• For all types of indexes, multiple range conditions combined with OR or AND form a range condition.

“Constant value” in the preceding descriptions means one of the following:

  • A constant from the query string
  • A column of a const or system table from the same join
  • The result of an uncorrelated subquery
  • Any expression composed entirely from subexpressions of the preceding types

However, this query:

SELECT  *
FROM    table
WHERE   id = 1
        OR id = (SELECT id FROM other_table WHERE unique_condition)

will use the index on id, while this one:

SELECT  *
FROM    table
WHERE   id IN (1, (SELECT id FROM other_table WHERE unique_condition))

will use fullscan.

I. e. there is difference when one of the value's is a single-row subquery.

I've filed it recently as bug 45145 in MySQL (it turned out to be 5.2 specific, absent in 5.1 and corrected in 6.0)

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Using IN isn't necessarily slow, it's how you build the IN parameters that will slow things down considerably. Too often people use SELECT ... WHERE x IN (SELECT..., which can be very poorly optimized (i.e. not at all). Do a search on "correlated subquery" to see how bad it can get.

Often you don't have to use IN at all and can use a JOIN instead, and take advantage of derived tables.

SELECT * FROM table1 WHERE x IN (SELECT y FROM table2 WHERE z=3)

Can be rephrased like this

SELECT * FROM table1 JOIN (SELECT y FROM table2 WHERE z=3) AS table2 ON table1.x=table2.y

If the IN syntax is slow, the JOIN syntax will often times be much faster. You can use EXPLAIN to see how each query would be optimized differently. This is a simplistic example and your database may show the same query path, but more complicated queries usually show something different.

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IN with a subselect is often slow. IN with a value list shouldn't be any slower than someColumn = value1 OR someColumn = value2 OR someColumn = value3, etc. That is plenty fast, as long as the number of values is sane.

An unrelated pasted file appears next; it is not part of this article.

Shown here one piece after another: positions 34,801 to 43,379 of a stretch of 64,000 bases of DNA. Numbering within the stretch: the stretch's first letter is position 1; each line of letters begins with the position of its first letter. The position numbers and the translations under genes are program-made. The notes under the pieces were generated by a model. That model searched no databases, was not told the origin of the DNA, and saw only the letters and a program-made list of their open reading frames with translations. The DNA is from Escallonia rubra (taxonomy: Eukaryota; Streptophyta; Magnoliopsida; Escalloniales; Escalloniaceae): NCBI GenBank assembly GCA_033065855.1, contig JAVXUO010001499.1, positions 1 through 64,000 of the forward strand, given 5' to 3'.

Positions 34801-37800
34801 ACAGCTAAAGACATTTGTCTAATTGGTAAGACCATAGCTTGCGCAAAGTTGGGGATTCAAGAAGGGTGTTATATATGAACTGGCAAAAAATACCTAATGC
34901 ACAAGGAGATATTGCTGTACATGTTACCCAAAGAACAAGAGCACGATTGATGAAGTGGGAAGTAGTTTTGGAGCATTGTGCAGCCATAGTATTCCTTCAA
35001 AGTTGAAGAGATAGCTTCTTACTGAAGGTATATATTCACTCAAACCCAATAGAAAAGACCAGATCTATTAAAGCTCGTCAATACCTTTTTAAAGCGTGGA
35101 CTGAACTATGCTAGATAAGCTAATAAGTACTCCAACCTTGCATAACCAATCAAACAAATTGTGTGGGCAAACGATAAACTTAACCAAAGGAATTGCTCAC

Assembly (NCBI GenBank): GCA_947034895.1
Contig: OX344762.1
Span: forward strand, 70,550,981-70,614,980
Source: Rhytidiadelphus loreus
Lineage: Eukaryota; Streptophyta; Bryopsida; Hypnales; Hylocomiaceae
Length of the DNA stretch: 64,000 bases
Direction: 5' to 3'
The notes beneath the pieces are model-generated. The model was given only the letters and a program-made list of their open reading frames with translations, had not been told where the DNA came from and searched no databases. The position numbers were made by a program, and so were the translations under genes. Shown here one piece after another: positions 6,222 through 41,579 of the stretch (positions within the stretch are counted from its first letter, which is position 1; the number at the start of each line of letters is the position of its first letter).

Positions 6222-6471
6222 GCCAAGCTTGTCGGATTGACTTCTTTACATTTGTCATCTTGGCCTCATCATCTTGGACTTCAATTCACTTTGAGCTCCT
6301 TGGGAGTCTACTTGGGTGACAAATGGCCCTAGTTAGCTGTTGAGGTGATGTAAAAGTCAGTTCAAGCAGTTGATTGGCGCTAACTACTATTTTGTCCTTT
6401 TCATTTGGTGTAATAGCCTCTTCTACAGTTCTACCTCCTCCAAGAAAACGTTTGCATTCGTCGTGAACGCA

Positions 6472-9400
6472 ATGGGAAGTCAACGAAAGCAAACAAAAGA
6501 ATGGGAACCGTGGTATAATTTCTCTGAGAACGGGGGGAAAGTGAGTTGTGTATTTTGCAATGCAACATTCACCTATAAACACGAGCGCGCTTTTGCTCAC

IN with a subquery is slow when the optimizer can't figure out a good way to perform the query, and has to use the obvious method of building the full result of the subquery. For example:

SELECT username
  FROM users
  WHERE userid IN (
    SELECT userid FROM users WHERE user_first_name = 'Bob'
  )

is going to be much slower than

SELECT username FROM users WHERE user_first_name = 'Bob'

unless the optimizer can figure out what you meant.

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I think you got the answer(s) you wanted above. Just wanted to add one thing.

You need to optimize IN and use it the right way. In development, I always set up a debug section at the bottom of the page anytime there is a query and it automatically runs an EXPLAIN EXTENDED on every SELECT and then SHOW WARNINGS in order to see the (likely) way that MySQL's Query Optimizer will rewrite the query internally. Lots to learn from that on how to make sure IN is working for you.

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The speed of the IN keyword would really depend on the complexity of your subquery. In the example you provide you just want to see if someColumns value is in a set list of values, and a pretty short one at that. So I would imagine that the performance cost would be very minimal in that case.

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I edited my question to show what I'm comparing against. – Sasha Chedygov Jun 5 '09 at 19:01

It says in the docs that IN is very fast in MySQL but I can't find the source at the moment.

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I also recall reading in the docs that the IN operator is well optimized in mysql – ʞɔıu Jun 5 '09 at 21:41